The northwestern slopes of the Aravalli Range are influenced by the blown sands of the Thar desert, which has almost choked the drainage channels. Only seasonal streams feed the drainage of the Luni river. The Luni has several tributaries- mostly seasonal. The main tributaries are the Lilri, Rajpur, Guhiya, Bandi, Sukri, Jawai and Jojri. In the northern portion of Rajasthan are the shallow beds of the now mostly seasonal rivers Ghaggar (Identified by some as a remnant of the ancient Saraswati river), and its tributary Chautang (possibly ancient Drishadvati).
The hydrography of the southeastern slopes is better defined. The hills have protected this region from the desert sands, and the Banas and Sabarmati flow in opposite directions with numerous perennial effluents. In the case of the Chambal-Banas system, the Chambal and Banas bear signs of super-imposed drainage following a Mesozoic upwarping of the Range and the Deccan Trap activity respectively. These structural relations have influenced the past hydrography of the Aravalli and its neighborhood, though the present drainage pattern is said to be devoid of any geologic control. All the major streams have base-levelled their courses and their curve of erosion is free from irregularities.
The river Chambal, identified with the Charmanvati of Sanskrit literature, rises near Mhow, in Madhya Pradesh, and enters Rajasthan about 200 miles (320 km) from its source. Thereafter, it breaks through the Aravalli plateau and continues to flow northeastwards. Near the city of Kota, the Chambal is a broad sluggish stream, flowing between overhanging cliffs and rocks. These until recently, were covered with thick brush –wood and forests. The Chambal joins the river Yamuna (also Jamuna), 25 miles (40 Km) south-west of Etawah in Uttar Pradesh. Its tributaries include the Kali Sindh, Parvati, Chhoti Kali Sindh and the Banas.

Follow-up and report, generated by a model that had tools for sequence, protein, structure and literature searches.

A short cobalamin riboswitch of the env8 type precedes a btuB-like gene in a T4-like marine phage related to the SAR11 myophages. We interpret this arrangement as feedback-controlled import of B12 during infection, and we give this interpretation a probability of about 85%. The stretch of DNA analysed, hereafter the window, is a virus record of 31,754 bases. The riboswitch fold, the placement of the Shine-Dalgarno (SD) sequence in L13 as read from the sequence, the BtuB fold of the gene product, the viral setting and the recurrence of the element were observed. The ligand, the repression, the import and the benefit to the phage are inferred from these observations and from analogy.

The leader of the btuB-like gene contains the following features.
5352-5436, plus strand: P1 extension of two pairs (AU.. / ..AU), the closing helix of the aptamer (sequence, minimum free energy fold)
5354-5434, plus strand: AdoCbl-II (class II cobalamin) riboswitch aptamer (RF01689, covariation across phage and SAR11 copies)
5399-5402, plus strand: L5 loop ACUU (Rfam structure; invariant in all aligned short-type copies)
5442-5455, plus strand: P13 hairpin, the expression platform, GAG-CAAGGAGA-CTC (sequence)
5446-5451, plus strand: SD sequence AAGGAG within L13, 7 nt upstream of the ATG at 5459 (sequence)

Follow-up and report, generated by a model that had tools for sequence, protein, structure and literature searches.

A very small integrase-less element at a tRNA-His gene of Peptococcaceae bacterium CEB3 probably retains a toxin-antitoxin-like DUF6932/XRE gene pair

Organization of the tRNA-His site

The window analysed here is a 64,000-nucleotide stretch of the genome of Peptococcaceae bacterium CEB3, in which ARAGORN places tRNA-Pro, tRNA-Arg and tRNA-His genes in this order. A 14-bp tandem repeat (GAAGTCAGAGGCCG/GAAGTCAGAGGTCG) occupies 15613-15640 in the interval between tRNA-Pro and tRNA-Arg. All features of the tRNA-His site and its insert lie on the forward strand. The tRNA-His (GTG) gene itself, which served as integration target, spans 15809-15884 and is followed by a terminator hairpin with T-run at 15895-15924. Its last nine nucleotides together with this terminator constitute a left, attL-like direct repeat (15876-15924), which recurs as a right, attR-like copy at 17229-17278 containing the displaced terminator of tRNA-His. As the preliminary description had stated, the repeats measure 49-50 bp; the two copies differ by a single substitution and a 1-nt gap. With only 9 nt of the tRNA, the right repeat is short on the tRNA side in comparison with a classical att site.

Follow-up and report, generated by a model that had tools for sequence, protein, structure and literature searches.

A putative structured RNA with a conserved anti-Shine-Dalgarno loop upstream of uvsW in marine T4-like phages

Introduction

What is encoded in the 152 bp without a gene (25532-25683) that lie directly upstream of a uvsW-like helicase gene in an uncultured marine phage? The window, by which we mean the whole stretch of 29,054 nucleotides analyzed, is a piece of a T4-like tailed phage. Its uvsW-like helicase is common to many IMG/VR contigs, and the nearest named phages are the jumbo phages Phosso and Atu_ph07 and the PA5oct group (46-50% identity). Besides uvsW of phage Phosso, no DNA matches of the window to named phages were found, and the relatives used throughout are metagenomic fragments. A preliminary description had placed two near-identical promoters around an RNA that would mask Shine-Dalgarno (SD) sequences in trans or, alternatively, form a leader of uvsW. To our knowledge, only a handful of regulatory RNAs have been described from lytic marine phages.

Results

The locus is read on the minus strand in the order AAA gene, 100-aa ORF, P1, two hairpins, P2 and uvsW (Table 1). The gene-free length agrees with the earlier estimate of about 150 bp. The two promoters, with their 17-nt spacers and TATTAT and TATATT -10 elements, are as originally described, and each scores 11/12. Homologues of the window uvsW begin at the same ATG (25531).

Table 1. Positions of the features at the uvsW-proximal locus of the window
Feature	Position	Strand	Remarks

The Banas rises from the Aravalli range, about five kilometres from Kumbhalgarh, and joins the Chambal at Rameshwar, a sacred site in Madhya Pradesh, near Sawai Madhopur, after flowing about 500 kms through Udaipur, Bhilwara, Tonk and Sawai Madhopur districts of Rajasthan. The Berach and Kothari rivers join the Banas near Mandalgarh. The Khari meets the Banas near Deoli. The Banas flows southwards in its initial course, till it meets the Gogunda plateau. It then turns eastwards and enters the plain near Nathdwara. Continuing east-nor’eastwards, it approaches the hills near Mandalgarh, where the tributaries, Berach and Kothari join it. The Banas then flows in northerly direction towards Tonk, before turning to the east and joining the Chambal.
Its tributary, the Berach, rises in the hills north of Udaipur, where it is known as the Ahar river in its initial course. (The Ahar river bears the same name as a village called Ahar- which was once known as Aghatpur, and was an early capital of Mewar. It has lent its name to the copper using c. third-second millennia BC Ahar Culture, described in the next chapter). From Udaipur, the Berach takes an easterly course, turning northeastwards near Chittorgarh, to eventually join the Banas west of Mandalgarh, after a course of almost 200 kms. The valleys of the Berach river are frequently deep and narrow. Most (though not all), of its course is perennial. The three main tributaries of the Berach are the Wagli, Wagan and Gambhiri. These tributaries all flow south to north and parallel to each other.
The other two major tributaries of the Banas are the Kothari and Khari. The Kothari rises from the Aravallis near Dewair and flows east for 145 kms before joining the Banas a few kilometers north of its confluence with the Berach. The Khari rises in the hills north of Deogarh. It flows in a northeasterly direction, initially, and then flows east, joining the Banas near Deoli. The Khari has a sandy bed and is dry for the major part of the year. The Dai, Sodra and Mashi are other tributaries that rise from the northern part of the Aravalli hills and flow eastwards to meet the Banas.
The main river of the Dungarpur-Banswara region (called ‘Vagar’), in the extreme south, is the Mahi, with its main tributaries the Som, and Jakam. Smaller seasonal river and rivulets which flow through the area now covered by the modern district of Dungarpur include the Majhan, Vatrak, Bhader, Gangali, Sapan and Veri Ganga. In the eastern part of this ‘Vagar’ area, comprising the erstwhile state, and now district, Banswara it is the Anas, Kagdi and Nal tributaries which are important.